Marin County hired an environmental consultant, Loran May, to evaluate its policies and practices regarding vegetation management in parks and open spaces for the purpose of reducing fire hazard. The consultant describes the purpose of her report as follows:
“The primary purpose of this Vegetation and Biodiversity Management Plan for the Marin County preserves is to provide comprehensive, long-term guidance for a new science-based approach to vegetation management that will (1) maintain the natural biodiversity of the vegetation within the preserves, (2) maintain emergency and public access, and (3) manage fuel loads to reduce the threats of the spread of natural and human-caused fires.”
In other words, her report attempts to reconcile fire hazard reduction with resource management. The report is therefore of interest to readers of Million Trees, because many of the ecological restoration projects in the San Francisco Bay Area with which we are familiar claim to achieve these goals simultaneously. Loran May’s report acknowledges that there is a conflict between vegetation management for fuel reduction and the conservation of native habitat. Separating these two goals is a big step forward, in our opinion, because reducing fire hazard has been the most influential argument with the public and decision-makers for destroying non-native vegetation.
The consultant read the written policies regarding vegetation management of most of the owners of public lands all over the San Francisco Bay Area and interviewed the managers of those organizations regarding their experiences with the application of those policies. The consultant’s report is based in part on what she learned from all the major owners of public land in the Bay Area:
- Audubon Canyon Ranch (ACR)
- California State Parks (CSP)
- East Bay Municipal Utilities District (EBMUD)
- East Bay Regional Park District (EBRPD)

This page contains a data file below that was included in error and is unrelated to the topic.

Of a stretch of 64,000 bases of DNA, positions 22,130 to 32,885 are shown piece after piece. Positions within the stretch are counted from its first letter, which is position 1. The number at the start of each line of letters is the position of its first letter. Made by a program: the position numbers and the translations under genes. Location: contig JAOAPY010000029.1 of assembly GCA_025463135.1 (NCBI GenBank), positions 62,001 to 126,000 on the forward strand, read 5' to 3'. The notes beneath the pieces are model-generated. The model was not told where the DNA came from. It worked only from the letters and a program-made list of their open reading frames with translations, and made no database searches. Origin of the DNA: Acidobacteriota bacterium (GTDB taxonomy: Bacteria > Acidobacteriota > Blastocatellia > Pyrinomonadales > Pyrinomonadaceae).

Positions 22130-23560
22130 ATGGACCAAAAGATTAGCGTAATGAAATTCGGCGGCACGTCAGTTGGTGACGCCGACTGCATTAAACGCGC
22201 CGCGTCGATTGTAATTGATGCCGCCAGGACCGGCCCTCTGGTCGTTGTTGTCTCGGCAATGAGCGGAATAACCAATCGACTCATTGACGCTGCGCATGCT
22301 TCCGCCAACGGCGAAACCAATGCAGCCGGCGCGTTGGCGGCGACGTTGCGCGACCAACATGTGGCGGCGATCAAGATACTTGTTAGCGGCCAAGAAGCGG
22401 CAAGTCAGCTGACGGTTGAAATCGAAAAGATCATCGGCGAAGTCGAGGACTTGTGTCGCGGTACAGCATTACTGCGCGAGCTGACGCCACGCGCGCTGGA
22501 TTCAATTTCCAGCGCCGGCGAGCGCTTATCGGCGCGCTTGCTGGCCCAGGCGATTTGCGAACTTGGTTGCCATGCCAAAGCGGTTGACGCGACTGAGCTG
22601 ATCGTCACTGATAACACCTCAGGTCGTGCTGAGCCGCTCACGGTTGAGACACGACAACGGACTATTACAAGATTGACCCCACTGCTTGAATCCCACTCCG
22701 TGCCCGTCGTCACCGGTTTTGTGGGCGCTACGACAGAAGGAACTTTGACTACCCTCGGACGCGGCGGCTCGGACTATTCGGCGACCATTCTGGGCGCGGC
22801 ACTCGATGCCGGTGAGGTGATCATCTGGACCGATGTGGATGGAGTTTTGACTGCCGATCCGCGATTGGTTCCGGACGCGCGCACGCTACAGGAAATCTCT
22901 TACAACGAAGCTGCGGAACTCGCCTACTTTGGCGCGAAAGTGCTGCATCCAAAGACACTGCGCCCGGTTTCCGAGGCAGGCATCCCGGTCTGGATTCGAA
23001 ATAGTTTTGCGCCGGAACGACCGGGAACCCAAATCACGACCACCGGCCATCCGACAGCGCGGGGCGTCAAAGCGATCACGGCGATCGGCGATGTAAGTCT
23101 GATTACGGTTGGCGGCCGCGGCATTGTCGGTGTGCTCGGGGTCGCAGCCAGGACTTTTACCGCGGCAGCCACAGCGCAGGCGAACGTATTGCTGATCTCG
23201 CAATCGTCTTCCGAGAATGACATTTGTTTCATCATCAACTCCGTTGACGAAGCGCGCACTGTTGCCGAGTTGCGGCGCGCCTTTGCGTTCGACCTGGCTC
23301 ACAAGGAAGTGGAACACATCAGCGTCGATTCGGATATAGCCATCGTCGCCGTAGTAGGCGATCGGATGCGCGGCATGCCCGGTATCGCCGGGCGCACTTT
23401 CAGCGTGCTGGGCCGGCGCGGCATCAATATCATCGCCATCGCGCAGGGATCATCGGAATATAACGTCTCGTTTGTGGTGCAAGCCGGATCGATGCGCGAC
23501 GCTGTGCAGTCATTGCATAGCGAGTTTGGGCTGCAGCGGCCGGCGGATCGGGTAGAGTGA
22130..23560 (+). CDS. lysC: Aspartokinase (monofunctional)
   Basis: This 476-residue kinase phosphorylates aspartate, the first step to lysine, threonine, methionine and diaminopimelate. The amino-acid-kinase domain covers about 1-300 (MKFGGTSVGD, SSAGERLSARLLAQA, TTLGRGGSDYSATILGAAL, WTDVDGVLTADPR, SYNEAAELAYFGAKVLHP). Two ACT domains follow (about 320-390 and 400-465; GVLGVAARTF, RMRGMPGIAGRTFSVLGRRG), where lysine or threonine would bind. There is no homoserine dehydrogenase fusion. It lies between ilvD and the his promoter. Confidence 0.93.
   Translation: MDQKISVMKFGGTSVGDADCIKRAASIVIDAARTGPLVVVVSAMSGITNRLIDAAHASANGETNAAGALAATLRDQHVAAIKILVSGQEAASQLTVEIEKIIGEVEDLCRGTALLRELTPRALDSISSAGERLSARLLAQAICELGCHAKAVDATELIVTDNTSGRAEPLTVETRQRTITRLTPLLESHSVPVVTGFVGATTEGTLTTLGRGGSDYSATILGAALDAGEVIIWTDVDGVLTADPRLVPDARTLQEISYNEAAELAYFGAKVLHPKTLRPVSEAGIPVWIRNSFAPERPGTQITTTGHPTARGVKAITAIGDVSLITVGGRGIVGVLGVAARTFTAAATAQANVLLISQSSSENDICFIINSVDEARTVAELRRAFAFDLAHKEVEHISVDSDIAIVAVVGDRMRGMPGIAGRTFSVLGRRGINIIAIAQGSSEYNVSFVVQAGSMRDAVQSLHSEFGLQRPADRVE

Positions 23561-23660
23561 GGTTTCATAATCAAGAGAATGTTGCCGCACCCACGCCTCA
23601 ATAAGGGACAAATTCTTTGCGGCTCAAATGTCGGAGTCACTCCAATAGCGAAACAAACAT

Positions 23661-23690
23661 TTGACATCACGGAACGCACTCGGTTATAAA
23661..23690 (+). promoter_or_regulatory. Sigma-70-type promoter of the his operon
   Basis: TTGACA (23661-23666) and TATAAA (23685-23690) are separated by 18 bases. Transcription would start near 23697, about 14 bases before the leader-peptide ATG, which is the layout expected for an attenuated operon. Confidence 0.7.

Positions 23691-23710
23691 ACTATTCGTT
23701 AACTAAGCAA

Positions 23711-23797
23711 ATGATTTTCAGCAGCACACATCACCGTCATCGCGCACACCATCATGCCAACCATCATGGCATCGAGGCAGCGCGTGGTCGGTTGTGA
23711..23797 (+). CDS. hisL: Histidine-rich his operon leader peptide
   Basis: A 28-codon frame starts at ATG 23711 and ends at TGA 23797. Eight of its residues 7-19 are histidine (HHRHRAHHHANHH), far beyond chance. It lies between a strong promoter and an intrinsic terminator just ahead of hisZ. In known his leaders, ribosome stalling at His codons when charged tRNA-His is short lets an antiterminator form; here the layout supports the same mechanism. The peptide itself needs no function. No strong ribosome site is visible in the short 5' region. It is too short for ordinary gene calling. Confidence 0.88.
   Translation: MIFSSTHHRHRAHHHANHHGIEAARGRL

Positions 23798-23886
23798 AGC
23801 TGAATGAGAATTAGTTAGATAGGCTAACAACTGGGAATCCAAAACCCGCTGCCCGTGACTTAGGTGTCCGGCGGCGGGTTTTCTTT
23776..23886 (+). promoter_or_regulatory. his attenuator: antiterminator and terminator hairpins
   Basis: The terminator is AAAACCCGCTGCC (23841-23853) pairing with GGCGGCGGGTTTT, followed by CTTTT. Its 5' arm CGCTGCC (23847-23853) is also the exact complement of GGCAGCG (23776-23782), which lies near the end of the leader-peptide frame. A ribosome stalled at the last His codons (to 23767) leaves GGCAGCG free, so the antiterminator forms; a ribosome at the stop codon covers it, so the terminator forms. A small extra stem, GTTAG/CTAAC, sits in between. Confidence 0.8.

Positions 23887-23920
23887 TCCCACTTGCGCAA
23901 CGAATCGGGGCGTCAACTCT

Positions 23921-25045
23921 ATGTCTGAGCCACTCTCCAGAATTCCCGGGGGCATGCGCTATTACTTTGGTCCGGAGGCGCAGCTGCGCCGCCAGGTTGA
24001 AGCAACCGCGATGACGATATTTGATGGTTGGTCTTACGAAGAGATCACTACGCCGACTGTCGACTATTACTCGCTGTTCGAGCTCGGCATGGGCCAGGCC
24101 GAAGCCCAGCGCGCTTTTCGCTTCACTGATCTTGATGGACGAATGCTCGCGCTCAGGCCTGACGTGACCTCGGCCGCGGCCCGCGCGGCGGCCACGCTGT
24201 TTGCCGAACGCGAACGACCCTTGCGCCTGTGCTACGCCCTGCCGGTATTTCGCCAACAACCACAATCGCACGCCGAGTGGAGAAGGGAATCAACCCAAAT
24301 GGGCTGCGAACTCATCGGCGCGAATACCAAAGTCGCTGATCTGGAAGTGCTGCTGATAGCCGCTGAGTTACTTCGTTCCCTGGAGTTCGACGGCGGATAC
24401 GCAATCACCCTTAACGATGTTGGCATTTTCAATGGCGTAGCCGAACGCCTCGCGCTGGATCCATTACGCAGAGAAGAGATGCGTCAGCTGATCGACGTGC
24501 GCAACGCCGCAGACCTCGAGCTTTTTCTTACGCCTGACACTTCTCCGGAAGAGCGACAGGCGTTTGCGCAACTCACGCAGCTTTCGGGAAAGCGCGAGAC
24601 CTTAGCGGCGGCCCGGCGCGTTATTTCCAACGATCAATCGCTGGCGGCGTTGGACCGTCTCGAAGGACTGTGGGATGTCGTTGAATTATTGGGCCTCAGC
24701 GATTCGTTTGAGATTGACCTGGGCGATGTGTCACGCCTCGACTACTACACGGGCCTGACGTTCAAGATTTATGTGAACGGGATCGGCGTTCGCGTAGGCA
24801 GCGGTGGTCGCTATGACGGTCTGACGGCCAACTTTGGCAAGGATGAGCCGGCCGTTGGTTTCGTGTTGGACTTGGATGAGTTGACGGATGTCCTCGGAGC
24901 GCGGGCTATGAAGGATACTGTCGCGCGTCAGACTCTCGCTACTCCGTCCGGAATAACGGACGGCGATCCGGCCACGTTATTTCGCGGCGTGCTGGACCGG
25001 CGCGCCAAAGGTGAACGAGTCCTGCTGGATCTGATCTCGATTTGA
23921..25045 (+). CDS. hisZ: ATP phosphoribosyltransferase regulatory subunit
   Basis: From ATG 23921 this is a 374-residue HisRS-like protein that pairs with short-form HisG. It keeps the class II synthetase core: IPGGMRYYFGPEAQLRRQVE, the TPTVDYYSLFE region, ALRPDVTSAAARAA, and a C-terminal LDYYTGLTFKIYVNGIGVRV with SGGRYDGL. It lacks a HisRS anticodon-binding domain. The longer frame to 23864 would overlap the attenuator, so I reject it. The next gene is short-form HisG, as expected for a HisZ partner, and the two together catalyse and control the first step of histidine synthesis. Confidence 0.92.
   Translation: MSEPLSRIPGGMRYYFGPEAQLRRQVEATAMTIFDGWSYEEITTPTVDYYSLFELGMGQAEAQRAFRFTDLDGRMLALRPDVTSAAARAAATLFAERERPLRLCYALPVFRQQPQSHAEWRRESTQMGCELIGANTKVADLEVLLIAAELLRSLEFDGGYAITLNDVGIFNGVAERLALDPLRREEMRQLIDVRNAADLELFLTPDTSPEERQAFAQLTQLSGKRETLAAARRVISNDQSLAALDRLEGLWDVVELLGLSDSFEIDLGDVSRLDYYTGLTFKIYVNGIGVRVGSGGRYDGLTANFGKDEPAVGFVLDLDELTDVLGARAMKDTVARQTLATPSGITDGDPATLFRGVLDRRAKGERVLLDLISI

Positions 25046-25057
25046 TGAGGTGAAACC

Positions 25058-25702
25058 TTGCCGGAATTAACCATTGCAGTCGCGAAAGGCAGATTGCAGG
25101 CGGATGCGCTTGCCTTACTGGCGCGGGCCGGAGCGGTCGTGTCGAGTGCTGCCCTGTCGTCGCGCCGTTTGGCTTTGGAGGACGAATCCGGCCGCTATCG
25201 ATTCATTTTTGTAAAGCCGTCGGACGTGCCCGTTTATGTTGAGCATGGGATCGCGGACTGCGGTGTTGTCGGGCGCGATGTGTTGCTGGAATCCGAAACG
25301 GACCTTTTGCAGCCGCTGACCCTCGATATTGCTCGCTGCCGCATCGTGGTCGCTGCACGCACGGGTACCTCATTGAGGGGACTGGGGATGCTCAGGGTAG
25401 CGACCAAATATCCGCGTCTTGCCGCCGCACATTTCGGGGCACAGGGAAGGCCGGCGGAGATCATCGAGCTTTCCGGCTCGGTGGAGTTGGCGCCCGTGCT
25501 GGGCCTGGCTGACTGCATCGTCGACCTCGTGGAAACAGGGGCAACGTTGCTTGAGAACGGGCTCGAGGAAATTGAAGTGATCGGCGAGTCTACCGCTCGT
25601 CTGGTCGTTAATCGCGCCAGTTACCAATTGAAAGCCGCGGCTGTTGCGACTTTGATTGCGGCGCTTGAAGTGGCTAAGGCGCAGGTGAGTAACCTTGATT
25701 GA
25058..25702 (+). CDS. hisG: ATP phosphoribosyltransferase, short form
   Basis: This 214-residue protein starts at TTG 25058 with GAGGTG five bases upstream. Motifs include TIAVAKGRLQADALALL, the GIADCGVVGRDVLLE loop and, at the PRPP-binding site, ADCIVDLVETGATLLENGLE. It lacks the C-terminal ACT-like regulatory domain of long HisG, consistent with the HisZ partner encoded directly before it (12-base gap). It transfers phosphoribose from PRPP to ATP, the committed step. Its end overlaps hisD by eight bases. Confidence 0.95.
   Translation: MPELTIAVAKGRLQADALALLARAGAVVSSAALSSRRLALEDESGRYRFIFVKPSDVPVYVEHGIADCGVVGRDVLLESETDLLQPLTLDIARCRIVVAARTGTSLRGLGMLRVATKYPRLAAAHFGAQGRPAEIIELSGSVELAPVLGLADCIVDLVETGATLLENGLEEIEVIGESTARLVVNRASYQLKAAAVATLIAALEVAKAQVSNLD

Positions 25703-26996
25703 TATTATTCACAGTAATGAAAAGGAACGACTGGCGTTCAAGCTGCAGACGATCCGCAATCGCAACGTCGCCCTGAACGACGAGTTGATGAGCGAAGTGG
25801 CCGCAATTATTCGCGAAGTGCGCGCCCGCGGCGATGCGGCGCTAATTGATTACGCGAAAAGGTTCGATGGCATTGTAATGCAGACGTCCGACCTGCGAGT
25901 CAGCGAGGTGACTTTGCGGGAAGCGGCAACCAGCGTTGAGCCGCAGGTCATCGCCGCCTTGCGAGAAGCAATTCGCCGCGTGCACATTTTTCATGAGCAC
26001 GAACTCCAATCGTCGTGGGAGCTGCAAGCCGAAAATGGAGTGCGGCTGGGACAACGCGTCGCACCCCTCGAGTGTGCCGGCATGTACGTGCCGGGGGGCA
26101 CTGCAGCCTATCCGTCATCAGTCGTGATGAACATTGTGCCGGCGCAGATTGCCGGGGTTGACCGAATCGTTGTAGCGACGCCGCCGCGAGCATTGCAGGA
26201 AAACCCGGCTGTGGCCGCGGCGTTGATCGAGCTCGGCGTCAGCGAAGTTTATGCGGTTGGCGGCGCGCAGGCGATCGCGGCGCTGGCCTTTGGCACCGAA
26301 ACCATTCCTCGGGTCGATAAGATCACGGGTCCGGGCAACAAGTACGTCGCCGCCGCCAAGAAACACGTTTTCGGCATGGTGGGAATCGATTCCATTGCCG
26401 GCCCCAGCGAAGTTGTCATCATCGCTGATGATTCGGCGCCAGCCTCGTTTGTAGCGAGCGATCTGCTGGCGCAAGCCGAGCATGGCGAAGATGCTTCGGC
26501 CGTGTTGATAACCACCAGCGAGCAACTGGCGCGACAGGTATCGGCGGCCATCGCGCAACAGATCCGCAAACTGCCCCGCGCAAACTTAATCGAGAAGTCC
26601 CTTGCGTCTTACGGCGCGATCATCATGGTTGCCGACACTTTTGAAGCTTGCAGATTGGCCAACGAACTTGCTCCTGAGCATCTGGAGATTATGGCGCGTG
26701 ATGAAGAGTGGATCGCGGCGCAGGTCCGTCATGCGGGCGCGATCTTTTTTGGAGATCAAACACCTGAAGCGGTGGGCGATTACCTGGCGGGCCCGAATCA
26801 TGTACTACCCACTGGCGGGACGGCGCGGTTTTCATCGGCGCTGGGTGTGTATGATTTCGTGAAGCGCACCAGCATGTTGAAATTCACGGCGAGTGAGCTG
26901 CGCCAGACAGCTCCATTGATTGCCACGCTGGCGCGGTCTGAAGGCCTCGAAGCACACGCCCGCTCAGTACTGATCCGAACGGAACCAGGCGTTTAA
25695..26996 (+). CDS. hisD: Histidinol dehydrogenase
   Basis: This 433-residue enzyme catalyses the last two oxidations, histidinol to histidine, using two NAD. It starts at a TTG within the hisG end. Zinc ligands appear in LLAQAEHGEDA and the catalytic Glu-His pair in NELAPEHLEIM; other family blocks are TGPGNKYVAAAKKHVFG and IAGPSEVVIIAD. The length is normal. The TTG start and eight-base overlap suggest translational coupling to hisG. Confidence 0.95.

- Golden Gate National Recreation Area (GGNRA)
- Marin Municipal Water District (MMWD)
- Marin County Open Space District (MCOSD)
- Midpeninsula Regional Open Space District (MROSD)
- Shelterbelt Builders, Inc. (SBI)
- Santa Clara County Parks (SCCP)
- Santa Clara Fire Safe Council (SCFSC)
- Santa Clara County Open Space Authority (SCCOSA)
Here is what she learned about the current status of policies and practices regarding vegetation management for the purpose of reducing fire hazard and the impact it is having on natural resources in the San Francisco Bay Area:
- All agencies indicated that the eradication of non-native species is a high priority for their organizations and that a big portion of their resources is devoted to that task. However,”They stressed that eradication of some well-established populations may not be feasible.”
- Since total eradication is not considered a realistic goal, agencies prioritize removal of non-natives as follows: new “infestations,” control at “leading edge” into wildlands, “noxious weeds” as defined by California law, and non-native plants considered threats to legally protected native plant species.
- Mechanical removal such as mowing or brush cutting followed by herbicide application is considered the most effective and most cost effective method of destroying non-native vegetation. However, organizations that are responsible for water supplies, have some constraints on the use of herbicides.
- “… the interviewees overwhelmingly indicated that the most effective approach to reducing fire risk and protecting structures and adjacent communities is the establishment of defensible space zones along the wildland-urban interface. Interviewees stressed that defensible space zones are an important and often underutilized tool in helping slow the spread of fires from or onto preserves.”
- Land managers indicated that large fuel breaks distant from properties were difficult to maintain because they are quickly dominated by non-native plants: “A recurring theme during interviews about fuel modification zones was the need to address and minimize invasive plant spread and establishment within these zones. Most agencies indicated that they have had to redirect a large portion of their fuel management funding away from construction of new fuel modification zones to controlling or containing infestations of invasive plants, such as French broom, within already constructed fuel modification zones.”